Different Facets of Urban Unrest – Untangling Urban Collective Action
Language: French and English
Urban transformations usually spur several forms of social mobilization in response. These may be very diverse in form and content, ranging from fierce defences of residents’ rights through art collectives and food-cooperatives to neigbourhood-beautification groups. Contemporary urban movements give voice to quite different conceptions of the urban environment, combining with variable emphasis the aspiration to participate more intensely in local planning with the focus on the autonomous building of alternative realities, in order to counteract the money-not-people-driven city investments. As in other contentious areas, civil society actors address urban issues through variable combinations of advocacy and service provision, of down-to-earth problem solving and political representation.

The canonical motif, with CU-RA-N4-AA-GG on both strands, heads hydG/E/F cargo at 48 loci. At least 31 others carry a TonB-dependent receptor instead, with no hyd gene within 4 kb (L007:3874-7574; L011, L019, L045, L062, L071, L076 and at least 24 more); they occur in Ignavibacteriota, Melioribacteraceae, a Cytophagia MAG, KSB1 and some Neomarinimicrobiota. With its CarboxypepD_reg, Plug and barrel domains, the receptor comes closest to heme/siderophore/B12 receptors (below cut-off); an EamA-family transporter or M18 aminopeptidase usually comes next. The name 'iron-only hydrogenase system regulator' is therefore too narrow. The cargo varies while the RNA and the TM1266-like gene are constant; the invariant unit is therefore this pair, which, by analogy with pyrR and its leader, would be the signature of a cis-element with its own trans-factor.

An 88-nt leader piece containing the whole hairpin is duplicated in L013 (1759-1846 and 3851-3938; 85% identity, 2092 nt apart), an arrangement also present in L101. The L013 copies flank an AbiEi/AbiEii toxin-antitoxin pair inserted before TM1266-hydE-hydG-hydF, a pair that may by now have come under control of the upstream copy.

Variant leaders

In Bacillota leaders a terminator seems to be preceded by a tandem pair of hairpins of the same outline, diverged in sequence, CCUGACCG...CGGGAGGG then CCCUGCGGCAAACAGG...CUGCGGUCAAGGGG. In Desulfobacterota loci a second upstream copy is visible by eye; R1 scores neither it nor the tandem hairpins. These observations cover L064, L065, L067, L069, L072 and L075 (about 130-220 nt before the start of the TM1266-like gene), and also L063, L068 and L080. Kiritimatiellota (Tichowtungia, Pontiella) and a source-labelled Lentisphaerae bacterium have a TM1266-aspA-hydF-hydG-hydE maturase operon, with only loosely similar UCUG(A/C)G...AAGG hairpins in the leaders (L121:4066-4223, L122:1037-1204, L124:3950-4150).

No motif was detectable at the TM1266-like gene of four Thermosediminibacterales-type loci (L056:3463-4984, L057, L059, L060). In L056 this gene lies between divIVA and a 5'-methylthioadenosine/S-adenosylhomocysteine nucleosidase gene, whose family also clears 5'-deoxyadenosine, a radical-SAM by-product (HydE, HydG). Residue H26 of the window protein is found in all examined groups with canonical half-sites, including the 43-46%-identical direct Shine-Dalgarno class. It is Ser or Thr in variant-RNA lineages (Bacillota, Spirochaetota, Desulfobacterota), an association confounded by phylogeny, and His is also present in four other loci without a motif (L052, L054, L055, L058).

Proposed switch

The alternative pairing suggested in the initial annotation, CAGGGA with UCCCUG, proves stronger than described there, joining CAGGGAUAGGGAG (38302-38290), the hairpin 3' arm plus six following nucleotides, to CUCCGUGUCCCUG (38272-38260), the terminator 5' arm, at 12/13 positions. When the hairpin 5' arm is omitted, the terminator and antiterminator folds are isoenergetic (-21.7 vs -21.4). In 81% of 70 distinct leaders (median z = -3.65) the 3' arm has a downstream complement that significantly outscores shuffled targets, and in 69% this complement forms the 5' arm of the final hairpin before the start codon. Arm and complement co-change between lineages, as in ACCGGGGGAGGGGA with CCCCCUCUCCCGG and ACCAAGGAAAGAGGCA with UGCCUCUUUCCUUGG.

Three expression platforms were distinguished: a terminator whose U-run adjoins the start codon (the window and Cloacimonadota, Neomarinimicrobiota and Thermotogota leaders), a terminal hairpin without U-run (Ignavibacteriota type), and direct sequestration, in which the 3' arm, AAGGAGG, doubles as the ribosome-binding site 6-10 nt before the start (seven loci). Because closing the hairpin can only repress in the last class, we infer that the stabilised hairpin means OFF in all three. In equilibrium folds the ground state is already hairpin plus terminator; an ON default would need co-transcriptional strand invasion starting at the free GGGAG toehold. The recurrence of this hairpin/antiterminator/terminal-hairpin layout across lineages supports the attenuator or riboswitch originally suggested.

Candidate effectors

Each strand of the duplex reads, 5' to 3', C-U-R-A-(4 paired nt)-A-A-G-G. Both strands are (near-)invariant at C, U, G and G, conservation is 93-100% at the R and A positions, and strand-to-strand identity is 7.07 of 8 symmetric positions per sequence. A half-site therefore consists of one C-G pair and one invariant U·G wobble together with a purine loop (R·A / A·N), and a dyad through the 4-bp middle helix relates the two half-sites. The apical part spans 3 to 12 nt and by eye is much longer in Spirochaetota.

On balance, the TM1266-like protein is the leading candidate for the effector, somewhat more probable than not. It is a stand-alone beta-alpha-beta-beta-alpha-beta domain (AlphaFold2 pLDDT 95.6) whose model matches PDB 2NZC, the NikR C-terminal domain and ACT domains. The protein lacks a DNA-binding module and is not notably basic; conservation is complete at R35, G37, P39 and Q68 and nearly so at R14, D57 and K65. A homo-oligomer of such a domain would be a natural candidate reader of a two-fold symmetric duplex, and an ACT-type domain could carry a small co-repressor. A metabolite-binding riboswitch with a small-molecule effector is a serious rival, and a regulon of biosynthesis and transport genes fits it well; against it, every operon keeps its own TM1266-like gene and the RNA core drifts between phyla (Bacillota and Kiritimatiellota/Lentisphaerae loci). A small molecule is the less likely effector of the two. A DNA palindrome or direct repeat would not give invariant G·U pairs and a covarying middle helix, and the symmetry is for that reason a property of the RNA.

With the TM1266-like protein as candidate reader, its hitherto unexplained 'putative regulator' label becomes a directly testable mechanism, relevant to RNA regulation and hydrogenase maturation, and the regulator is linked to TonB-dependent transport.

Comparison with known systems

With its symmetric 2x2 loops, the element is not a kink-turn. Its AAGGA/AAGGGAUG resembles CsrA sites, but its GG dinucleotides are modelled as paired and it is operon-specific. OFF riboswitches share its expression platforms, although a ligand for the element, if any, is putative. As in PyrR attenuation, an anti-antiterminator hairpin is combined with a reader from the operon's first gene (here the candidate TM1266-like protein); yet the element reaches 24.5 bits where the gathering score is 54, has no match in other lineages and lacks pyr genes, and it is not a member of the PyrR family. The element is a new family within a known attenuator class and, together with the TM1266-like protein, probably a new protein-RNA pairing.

At the same time, despite this diversity, urban actors often perceive themselves, and are perceived by external observers, as part of (relatively) specific urban movements. This session will explore the common themes in urban mobilisation, underlying the variety of topics and strategies characterizing collective action fields. We welcome papers analysing the mechanisms (relational as well as cultural) through which urban initiatives and actors may get coordinated, generating local, national or even global platforms for urban change. We are particularly interested in papers exploring the extent to which broad interpretative frames like “right to the city” have facilitated the linking of various forms of urban mobilization under common identities and consolidated distinct urban collective action networks. We invite participants to explore how their specific cases relate to global ideas such as “right to the city”, drawing conclusions that can be relevant to a wider international audience.
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